As is understood from the above, since, in the present invention, the bottom surface of the annular groove is tapered in the above-described manner, the holding function of the snap ring applied to the annular member 24 (that is, the center hub 33 secured to the annular member 24) is assuredly effected.
|Cited Patent||Filing date||Publication date||Applicant||Title|
|US2552166 *||Apr 22, 1949||May 8, 1951||Gen Electric||Thrust bearing arrangement|
|US2595787 *||Mar 12, 1947||May 6, 1952||Waldes Kohinoor Inc||Retaining ring assembly|
|US4409584 *||Jul 31, 1981||Oct 11, 1983||Nissan Motor Company, Limited||Instrument panel supporting structure|
|US4485371 *||Apr 14, 1982||Nov 27, 1984||Aisin Seiki Kabushiki Kaisha||Steering wheel system|
|JPS4917167A *||Title not available|
|JPS57110542A *||Title not available|
|JPS57163448A *||Title not available|
|Citing Patent||Filing date||Publication date||Applicant||Title|
|US4796482 *||Jun 6, 1986||Jan 10, 1989||Toyoda Gosei Co., Ltd.||Steering wheel|
|US4932285 *||Nov 13, 1989||Jun 12, 1990||Izumi Corporation Industries, Inc.||Non-rotating hub in steering wheel assembly|
|US4938094 *||Dec 9, 1988||Jul 3, 1990||Ecia - Equipements Et Composants Pour L'industrie Automobile||Device for effecting the fine adjustment of the angular orientation of a steering-wheel on a motor vehicle steering-wheel shaft|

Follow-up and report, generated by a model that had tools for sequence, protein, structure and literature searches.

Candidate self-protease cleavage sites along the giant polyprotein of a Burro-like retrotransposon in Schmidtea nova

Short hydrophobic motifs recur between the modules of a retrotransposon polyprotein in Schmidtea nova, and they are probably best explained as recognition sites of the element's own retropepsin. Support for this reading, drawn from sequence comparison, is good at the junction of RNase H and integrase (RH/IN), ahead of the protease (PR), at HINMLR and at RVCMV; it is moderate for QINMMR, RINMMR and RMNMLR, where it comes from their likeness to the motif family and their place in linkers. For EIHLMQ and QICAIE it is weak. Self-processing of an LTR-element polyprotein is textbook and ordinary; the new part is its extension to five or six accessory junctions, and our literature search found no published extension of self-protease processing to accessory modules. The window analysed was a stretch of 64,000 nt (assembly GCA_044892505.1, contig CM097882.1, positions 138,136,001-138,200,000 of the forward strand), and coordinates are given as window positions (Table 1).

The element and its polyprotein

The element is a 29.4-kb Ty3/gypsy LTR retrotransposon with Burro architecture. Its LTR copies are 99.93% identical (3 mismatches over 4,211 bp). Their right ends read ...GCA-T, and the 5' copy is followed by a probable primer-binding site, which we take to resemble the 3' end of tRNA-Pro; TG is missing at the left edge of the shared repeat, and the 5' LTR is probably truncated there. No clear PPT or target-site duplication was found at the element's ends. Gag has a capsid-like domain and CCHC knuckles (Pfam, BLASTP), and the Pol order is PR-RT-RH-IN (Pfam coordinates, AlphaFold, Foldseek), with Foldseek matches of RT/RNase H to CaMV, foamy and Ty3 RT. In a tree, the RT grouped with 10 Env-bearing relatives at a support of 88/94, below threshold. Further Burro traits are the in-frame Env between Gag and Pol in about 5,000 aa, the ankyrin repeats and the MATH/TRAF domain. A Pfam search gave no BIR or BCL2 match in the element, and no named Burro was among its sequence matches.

|US5263238 *||Feb 20, 1992||Nov 23, 1993||Shepherd Products U.S., Inc.||Method of forming a stem and assembling a snap ring in a groove in the stem|
|US5778734 *||Mar 4, 1996||Jul 14, 1998||Toyota Jidosha Kabushiki Kaisha||Fastening structure|
|US5797622 *||Oct 18, 1996||Aug 25, 1998||Alliedsignal Inc.||Snap-on steering wheel with integral airbag housing|
|US5820290 *||Jan 10, 1997||Oct 13, 1998||Schlage Lock Company||Door handle/knob assembly having a wobble control ring|
|US5915875 *||Jun 19, 1998||Jun 29, 1999||General Motors Corporation||End play take up retaining ring|
|US6318756||Sep 14, 2000||Nov 20, 2001||Trw Inc.||Apparatus for attaching a steering wheel to a steering shaft|
|US6519113 *||Apr 25, 2000||Feb 11, 2003||Seagate Technology Llc||Spindle motor assembly with polymeric motor shaft and hub for rotating a data storage disk|
|US6892606 *||Dec 13, 2002||May 17, 2005||Trw Automotive Safety Systems Gmbh||Arrangement for fastening a steering wheel|
|US6997634 *||Oct 28, 2002||Feb 14, 2006||Edward Zheng||Folding joint arrangement for foldable furniture|